So, if in Mexico neither the degree of openness of an NGO toward other sectors of society, nor its degree of transparency and accountability, determines its propensity to work with the private sector, what does?

The only factor that might have a significant influence on cross-sectoral collaboration is the strategic decision to integrate business engagement as a specific component of an organization’s intervention model or theory of change; that is, to openly and decisively seek corporate engagement as a means to achieve the organization’s ends. Models like this one have been adopted by international NGOs such as Conservation International, Oxfam, and WWF, which engage with the private sector to boost and gain leverage for their ambitious conservation, anti-poverty, and climate-action agendas, respectively.  

Obstacles to Cross-sectoral Collaboration  

Engagement is not free of obstacles, and it is important for organizations that choose this alternative to keep this in mind. In this regard, we have identified at least two main obstacles that Mexican NGOs will have to face when opting to engage with firms.

The first obstacle has to do with overcoming the lack of knowledge and experience regarding:

  • How to interact with the private sector, which includes defining intervention formats, project length, managing resources and workloads, dealing with power relations, and reputational aspects, among others.  
  • How to choose adequate partners, including decisions about whether to engage with multinational or Mexican firms, to act at the national or local levels, and about whether to engage with one company at a time or several simultaneously.
  • How to manage cross-sectoral projects, which refers to the type of organizational skills and expertise each project requires, as well as demands from the private sector regarding reporting, accountability, confidentiality, responsibility sharing, and more.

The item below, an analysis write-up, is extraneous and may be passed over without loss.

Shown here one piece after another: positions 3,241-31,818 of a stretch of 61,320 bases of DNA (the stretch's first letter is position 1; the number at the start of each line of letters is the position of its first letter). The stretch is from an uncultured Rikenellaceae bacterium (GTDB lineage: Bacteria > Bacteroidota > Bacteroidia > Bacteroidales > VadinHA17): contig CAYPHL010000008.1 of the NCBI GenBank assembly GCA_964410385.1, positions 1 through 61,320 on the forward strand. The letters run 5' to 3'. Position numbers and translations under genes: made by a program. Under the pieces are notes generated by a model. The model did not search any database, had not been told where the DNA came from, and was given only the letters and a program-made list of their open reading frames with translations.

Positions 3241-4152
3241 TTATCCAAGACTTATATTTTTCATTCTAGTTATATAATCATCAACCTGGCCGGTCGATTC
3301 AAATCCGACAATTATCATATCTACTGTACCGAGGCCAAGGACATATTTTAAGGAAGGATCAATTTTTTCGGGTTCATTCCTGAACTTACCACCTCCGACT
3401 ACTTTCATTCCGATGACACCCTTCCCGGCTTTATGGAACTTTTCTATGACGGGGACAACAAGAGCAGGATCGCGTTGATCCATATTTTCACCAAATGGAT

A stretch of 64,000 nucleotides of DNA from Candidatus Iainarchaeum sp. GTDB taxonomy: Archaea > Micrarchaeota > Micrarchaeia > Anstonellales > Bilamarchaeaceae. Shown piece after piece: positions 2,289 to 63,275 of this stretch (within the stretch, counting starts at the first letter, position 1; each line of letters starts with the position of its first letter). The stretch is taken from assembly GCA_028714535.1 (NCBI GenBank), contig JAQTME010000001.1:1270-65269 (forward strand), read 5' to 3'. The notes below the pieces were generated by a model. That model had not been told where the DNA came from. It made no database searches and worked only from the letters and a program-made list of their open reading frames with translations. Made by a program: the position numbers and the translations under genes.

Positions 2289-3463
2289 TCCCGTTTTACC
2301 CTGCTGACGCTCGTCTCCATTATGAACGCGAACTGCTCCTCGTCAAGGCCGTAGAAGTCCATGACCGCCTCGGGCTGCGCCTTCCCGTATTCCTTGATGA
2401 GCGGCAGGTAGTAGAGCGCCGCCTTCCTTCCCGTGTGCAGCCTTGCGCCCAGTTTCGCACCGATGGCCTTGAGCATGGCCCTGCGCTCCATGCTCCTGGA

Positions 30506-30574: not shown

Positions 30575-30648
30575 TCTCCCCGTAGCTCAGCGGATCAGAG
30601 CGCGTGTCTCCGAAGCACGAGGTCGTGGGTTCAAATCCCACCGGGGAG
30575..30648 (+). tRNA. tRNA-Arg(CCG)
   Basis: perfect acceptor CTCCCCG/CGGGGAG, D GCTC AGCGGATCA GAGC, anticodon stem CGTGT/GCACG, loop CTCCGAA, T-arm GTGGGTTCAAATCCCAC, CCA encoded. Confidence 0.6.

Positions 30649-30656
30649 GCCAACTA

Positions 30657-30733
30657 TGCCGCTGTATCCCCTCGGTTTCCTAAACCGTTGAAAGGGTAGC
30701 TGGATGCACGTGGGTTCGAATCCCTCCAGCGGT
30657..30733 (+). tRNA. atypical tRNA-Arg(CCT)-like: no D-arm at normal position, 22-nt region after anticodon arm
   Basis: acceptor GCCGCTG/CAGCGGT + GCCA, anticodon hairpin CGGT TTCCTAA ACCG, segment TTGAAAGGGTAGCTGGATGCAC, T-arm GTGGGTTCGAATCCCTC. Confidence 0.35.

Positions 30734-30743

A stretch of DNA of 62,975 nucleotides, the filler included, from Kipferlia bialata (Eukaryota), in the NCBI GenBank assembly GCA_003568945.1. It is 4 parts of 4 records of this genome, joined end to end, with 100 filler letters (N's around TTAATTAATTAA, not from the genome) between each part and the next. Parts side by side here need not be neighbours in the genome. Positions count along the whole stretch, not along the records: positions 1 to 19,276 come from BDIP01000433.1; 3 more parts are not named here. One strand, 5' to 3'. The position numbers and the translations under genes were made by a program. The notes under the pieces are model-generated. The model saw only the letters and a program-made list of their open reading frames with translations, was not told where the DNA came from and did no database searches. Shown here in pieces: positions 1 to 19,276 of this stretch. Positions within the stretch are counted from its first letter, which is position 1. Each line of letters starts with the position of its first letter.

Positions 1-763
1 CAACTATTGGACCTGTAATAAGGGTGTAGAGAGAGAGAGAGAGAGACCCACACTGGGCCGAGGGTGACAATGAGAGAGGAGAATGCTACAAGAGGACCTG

The second obstacle has to do with the political implications of openly engaging with the private sector, which might force NGOs to:

  • Reconsider their position or mission in order to move ahead with the common goals of the engagement, going beyond the organization’s particular goals or views of the situation.
  • Become vulnerable to criticism from other “natural” constituents (i.e., the social groups they represent and other NGOs) because of their proximity to the private sector, perhaps causing them to lose credibility in these social circles.
  • Take a position against the status quo and the interests of dominant groups by means of fighting for the rights of vulnerable groups, environmental conservation, or other politically sensitive topics.

To help overcome these obstacles, universities can play an essential role in building bridges between NGOs and the private sector by creating spaces of interaction and expanding their traditional spheres of action to jointly create solutions to complex problems. One example in this regard are the activities promoted by SUSTENTUS, EGADE Business School’s sustainability and entrepreneurship center, which promotes + Talento, a training course that motivates firms to hire people with disabilities and gives insight into how to develop inclusion policies. Another example includes research projects such as this one, where ten representatives of civil society and the private sector have participated as members of an advisory committee that helps to ensure that the study is socially relevant and that the information produced includes robust and actionable data and insights.

Despite the obstacles mentioned above, cross-sectoral collaboration is still considered one of the most effective ways to address society’s most complex, intricate problems. Both NGOs and firms in Mexico could benefit from embracing this model as soon as possible.